We should all get out of the prediction business, but here’s one more: in the days to come, we’re likely to read and hear a lot of takes, especially from mainstream reporters and analysts not used to the labor beat, that condescend to the Staten Islanders or minimize what they did. The workers voted with their emotions (workers aren’t smart enough to make rational decisions). The vote was a surprise (this was luck! No skill or strategy involved). The pandemic drove them to the breaking point (because there was no way the workers made their own future; it was just an amazing confluence of circumstances).

I don’t have any inside details about how things went down on the ground in Staten Island. Indeed, those (like me) who weren’t part of the organizing drive may never get the whole story. The only thing I know for sure is that while a whole lot of factors made this win possible, one of those factors must have been smart strategy, determined organizing, careful planning, and perfect execution.

Think about what it’s like to face an anti-union campaign from a trillion-dollar corporation. Every second of every day inside that facility — for months. Signs on every spare inch of wall (and bathroom stall) space. Captive audience meetings daily or multiple times daily. Managers watching for the slightest infraction to scare you, to intimidate you. It breaks people.

We sometimes kid ourselves that you can beat an anti-union campaign by exposing the company’s lies. As if. The barefacedness of the lies is the point. We’re going to stand right next to you and spout fantastical lies again and again, they’re telling the workers, and you’re gonna have to stand there and take it. If you vote to form a union, this hell will never end. These anti-union campaigns don’t win by persuading the workers that a union is bad. They win by persuading the workers that the company is too powerful to stand up against, that you can’t win, that resistance is futile, and that none of this will go away unless the union does.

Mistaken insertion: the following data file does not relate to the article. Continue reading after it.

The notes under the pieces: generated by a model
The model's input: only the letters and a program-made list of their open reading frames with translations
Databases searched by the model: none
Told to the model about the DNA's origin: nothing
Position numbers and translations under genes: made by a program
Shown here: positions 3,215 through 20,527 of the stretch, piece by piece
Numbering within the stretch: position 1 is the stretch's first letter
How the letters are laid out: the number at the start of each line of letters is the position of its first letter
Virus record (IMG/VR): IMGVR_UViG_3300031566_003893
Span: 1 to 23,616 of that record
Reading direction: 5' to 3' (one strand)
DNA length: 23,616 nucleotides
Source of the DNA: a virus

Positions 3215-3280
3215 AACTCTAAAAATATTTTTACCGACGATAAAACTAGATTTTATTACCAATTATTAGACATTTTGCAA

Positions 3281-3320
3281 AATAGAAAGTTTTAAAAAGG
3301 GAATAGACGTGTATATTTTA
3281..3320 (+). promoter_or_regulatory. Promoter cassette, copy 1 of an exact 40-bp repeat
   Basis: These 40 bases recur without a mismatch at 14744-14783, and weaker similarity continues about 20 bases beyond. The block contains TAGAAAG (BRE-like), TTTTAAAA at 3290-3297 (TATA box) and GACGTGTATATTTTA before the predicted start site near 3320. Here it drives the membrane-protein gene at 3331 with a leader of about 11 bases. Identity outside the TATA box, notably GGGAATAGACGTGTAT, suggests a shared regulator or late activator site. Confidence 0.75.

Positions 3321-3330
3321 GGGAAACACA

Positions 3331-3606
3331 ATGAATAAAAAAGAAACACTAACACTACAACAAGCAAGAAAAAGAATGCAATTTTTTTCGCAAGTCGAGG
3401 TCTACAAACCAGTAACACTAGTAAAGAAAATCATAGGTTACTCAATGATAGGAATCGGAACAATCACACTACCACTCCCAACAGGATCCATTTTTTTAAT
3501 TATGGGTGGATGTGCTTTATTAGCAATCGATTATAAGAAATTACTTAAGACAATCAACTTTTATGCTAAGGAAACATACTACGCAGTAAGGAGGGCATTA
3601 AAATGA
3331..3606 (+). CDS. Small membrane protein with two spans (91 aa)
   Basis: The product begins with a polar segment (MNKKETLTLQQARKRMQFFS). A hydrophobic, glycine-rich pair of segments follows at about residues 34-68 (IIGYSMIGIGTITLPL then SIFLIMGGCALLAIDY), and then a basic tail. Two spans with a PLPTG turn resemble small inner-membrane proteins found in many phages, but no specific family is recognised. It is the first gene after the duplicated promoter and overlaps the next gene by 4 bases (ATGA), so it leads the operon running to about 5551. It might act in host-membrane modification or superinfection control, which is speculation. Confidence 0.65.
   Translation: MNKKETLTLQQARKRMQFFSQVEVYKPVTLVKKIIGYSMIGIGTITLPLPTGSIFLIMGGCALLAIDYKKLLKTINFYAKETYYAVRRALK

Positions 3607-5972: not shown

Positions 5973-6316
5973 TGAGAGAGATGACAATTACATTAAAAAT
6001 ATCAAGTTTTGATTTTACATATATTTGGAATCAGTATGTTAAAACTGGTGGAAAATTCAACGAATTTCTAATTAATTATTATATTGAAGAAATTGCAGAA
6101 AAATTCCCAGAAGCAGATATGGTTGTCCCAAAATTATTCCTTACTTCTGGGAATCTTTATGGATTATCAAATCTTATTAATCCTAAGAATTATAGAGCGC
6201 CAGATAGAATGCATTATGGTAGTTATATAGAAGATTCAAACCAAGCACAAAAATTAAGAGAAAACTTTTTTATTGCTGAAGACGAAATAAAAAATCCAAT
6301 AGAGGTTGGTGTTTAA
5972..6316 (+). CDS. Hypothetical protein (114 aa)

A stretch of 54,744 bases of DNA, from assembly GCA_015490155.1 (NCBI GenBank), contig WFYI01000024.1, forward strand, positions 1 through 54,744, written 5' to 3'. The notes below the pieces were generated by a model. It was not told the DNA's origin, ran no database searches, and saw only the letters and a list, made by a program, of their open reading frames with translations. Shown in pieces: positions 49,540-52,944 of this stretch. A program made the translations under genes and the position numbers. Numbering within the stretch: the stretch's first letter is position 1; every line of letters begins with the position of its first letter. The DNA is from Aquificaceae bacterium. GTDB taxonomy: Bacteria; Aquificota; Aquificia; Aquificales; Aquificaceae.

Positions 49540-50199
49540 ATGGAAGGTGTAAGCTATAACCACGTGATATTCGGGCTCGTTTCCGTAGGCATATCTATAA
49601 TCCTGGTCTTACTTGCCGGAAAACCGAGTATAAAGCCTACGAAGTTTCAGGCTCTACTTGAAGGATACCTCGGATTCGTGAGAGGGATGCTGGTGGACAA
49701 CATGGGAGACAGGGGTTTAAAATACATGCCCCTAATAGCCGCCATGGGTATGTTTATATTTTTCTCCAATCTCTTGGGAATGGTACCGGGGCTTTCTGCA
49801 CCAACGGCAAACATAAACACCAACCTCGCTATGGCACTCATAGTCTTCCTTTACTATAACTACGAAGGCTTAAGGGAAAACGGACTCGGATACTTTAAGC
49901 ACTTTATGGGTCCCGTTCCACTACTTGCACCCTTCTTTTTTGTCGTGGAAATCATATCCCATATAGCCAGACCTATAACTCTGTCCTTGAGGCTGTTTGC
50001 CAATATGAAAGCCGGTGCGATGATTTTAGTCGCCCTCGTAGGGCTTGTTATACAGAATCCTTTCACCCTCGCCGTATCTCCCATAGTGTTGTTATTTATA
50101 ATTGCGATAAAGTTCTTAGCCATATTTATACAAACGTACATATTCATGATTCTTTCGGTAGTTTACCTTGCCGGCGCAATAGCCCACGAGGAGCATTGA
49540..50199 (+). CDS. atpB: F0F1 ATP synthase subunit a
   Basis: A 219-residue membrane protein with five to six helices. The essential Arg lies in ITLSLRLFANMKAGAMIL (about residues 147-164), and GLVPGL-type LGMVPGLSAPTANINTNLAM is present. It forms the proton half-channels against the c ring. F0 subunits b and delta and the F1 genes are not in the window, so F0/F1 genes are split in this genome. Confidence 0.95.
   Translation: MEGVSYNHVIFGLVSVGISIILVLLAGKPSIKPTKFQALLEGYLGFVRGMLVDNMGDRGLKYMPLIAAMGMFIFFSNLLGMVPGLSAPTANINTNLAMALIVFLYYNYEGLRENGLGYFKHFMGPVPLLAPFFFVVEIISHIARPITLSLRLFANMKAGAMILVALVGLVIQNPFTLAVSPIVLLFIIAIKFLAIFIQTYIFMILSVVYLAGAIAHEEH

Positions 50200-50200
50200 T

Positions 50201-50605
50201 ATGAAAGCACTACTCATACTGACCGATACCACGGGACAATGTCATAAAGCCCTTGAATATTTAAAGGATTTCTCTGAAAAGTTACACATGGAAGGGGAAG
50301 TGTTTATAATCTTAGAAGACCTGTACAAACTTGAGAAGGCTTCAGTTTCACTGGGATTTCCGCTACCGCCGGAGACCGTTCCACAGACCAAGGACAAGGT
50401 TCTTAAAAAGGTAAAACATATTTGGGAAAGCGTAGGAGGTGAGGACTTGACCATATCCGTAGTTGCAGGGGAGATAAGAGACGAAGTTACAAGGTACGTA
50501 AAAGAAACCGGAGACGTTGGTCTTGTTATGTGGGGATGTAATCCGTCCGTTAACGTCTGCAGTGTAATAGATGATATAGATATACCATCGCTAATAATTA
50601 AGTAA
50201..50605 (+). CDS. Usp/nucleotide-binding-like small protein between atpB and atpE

To win against that, well… I can’t even begin to imagine how they did it. Indeed, it’s not too much to say that the American economy is intentionally and explicitly designed so that victories like this can’t happen. For the last 40 years and more, the power of organized labor has been steadily and methodically eroded by politicians, corporate leaders, the mainstream media, and a union-busting industry with a can’t-miss playbook.

Workers in non-union shops can organize themselves, and do, but they usually only win when the workplace is small enough that everyone knows each other, and they have the solidarity of personal connection to carry them to victory. The Staten Island Amazon facility has thousands of workers, high turnover. The workers live all over the largest metropolis in the country.

It wasn’t just luck. It wasn’t just because the labor market is tighter than average. Past that, those of us who didn’t expect this can’t really say we know what happened, but an essential element had to be that the workers organized themselves with a level of competence and courage that beggars the imagination. They were good. You have to be good, be amazing, to win like they did.

Is this time different?

Cast your mind back to the last time that a workers’ organization, without formal support from any existing union, using only the resources they could crowdsource, built and won a campaign against this powerful an employer in this large a workplace, in a matter of months. Can’t think of a parallel? You’re not alone. This may very well be unprecedented.

This sort of thing doesn’t happen.

Except that it just did.

Is this time different?